Once a rock star’s luxury, now an essential instrument in every professional and home studio. We explore and explain the core features of the sampler…
Cast your mind back to 1979 and the early ’80s and you may recall that the instrument of desire at that time was the sampler. The Fairlight and the Digital Synclavier, costing more than most of us expected to make in a lifetime, made us drool as they demonstrated the power of sampling technology.
Throughout the 80s samplers became more affordable (although many still cost a year’s wages) and then, as the 90s progressed and finally turned into the new century, software samplers began to appear offering more power and versatility than their hardware forefathers and at much lower prices, too.
But whether a sampler is hardware- or software-based, they all have a common set of functions and features for arranging and manipulating the raw sample material.
Rates for the job
Analogue-to-digital converter, the gizmo that samples audio and converts it into digital data.
Short for Binary digIT, a number which can only have one of two values – 0 or 1 – and which is used by computers at their lowest level of operation.
Changing the pitch of a sample by playing it back faster (to raise pitch) or slower (to lower it).
Posh word for tone.
A general term for the assignment of samples to keys. It covers key splitting, layering and multisampling.
Analogue-to-digital converter, the gizmo that samples audio and converts it into digital data.
If you’re not using off-the-shelf samples, the first step is to record or sample some material. For a more detailed discussion of digital sampling see our Quick Guide To Digital Audio but briefly, there two main sampling considerations – sample rate and sample resolution. The sample rate is how many times the source material is read or sampled per second. The higher the rate, the more accurate the sample. Audio CDs use a sample rate of 44.1kHz. Many samplers offer rates up to 96kHz and some even go as high as 192kHz.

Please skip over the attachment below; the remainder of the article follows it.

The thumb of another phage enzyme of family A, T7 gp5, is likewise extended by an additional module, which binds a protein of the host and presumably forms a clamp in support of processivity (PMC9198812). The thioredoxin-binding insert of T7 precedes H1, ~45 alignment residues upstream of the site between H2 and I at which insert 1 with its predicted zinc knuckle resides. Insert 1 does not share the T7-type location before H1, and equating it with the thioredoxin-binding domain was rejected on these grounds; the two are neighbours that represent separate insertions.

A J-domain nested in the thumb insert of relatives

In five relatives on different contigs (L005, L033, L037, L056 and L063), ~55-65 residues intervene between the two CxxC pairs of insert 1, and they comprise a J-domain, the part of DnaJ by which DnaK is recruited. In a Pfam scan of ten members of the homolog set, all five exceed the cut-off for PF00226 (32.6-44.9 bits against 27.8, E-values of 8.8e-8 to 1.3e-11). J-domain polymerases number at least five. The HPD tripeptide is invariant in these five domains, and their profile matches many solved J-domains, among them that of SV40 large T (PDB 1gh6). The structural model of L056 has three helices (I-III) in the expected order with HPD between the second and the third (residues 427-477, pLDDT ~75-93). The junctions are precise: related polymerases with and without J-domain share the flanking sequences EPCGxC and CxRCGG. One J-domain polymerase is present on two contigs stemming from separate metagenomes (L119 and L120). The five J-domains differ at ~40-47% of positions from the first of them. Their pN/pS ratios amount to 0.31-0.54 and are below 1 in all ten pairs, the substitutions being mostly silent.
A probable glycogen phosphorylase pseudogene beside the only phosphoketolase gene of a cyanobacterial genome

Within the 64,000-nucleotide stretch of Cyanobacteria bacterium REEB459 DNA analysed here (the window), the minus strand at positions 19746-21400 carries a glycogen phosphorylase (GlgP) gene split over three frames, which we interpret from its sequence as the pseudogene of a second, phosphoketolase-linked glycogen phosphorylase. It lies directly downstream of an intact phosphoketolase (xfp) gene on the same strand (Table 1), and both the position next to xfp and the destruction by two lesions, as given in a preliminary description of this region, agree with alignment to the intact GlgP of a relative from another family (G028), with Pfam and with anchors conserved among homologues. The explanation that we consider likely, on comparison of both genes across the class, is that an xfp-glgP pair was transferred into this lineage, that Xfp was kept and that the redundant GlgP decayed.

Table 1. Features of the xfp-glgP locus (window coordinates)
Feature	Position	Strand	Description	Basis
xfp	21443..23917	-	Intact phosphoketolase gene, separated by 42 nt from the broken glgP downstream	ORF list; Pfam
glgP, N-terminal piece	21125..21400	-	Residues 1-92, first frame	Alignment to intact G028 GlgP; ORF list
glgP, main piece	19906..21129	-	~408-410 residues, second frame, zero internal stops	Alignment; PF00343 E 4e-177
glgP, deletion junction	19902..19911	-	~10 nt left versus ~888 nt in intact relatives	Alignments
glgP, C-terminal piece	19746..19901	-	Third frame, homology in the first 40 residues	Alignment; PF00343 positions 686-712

The sample resolution is the measuring scale used to store the sample readings. It’s measured in bits and early samplers had a resolution of 8- or 12-bits. You can calculate the resolution by raising 2 to the power of the number of bits. So, an 8-bit system is 256 (2^8) and a 12-bit system is 4096 (2^12). Each sample in an 8-bit system, for example, must take a value from 0 to 255.
Home on the range
Given the vast dynamic range of natural sounds you can see that 256 values is not going to be terribly accurate. 4096 is better but the 65536 values of 16 bits is better still and this is the resolution used by CDs. Many samplers now offer 24-bit resolution which comes as close to capturing all the nuances of natural sound as you can get. Until they move to 32-bit sampling, that is…
So why not simply record at the highest possible sample rate and resolution? One day we will, but the higher the rate and resolution the more processing power and storage space is required so at the moment we balance what we would like against what we have and what we can afford.
Not everyone has access to a symphony orchestra, exotic percussion and the Vienna Boy’s Choir from which to create their own samples so it’s good to know that dozens of sample producers do and there are thousands of pre-recorded samples you can load into your sampler. Unfortunately, there’s no single standard sample format and samples come in several guises. Most sample producers tend to produce samples in Wave (for the PC) and AIFF (for the Mac) formats and these are as close to a standard as we have at the moment.
Most of the other formats were developed for specific samplers and you might want to consider how important it is for your sampler to be able to read them. In the heyday of the hardware sampler, the Akai sample format was de rigour to read. The Sound Designer II (SDII) format used by Digidesign software is still popular on the Mac, and many collections were created for the SampleCell sampler, originally designed for the Mac but later ported to the PC. Creative Lab’s SoundFont (.sf2) format is popular with hundreds of thousands of SoundBlaster sound card users and is also commonly supported by samplers.
Early samplers stored their samples in RAM as, indeed, do many software samplers. This obviously limits the number and size of the samples you can store and play at any one time. However, increases in computer power have led enterprising companies to develop software samplers such as Nemesys’ GigaSampler and Steinberg’s HALion that can read samples directly from hard disk. At last, size is not an obstacle.
The memory limitations of early samplers meant you could not store samples of any great length and, therefore, you could not hold a note for very long. The solution was the loop. You’d find a central portion of the sample and simply repeat it for as long as the key was held down and then jump to the end of the sample when the key was released.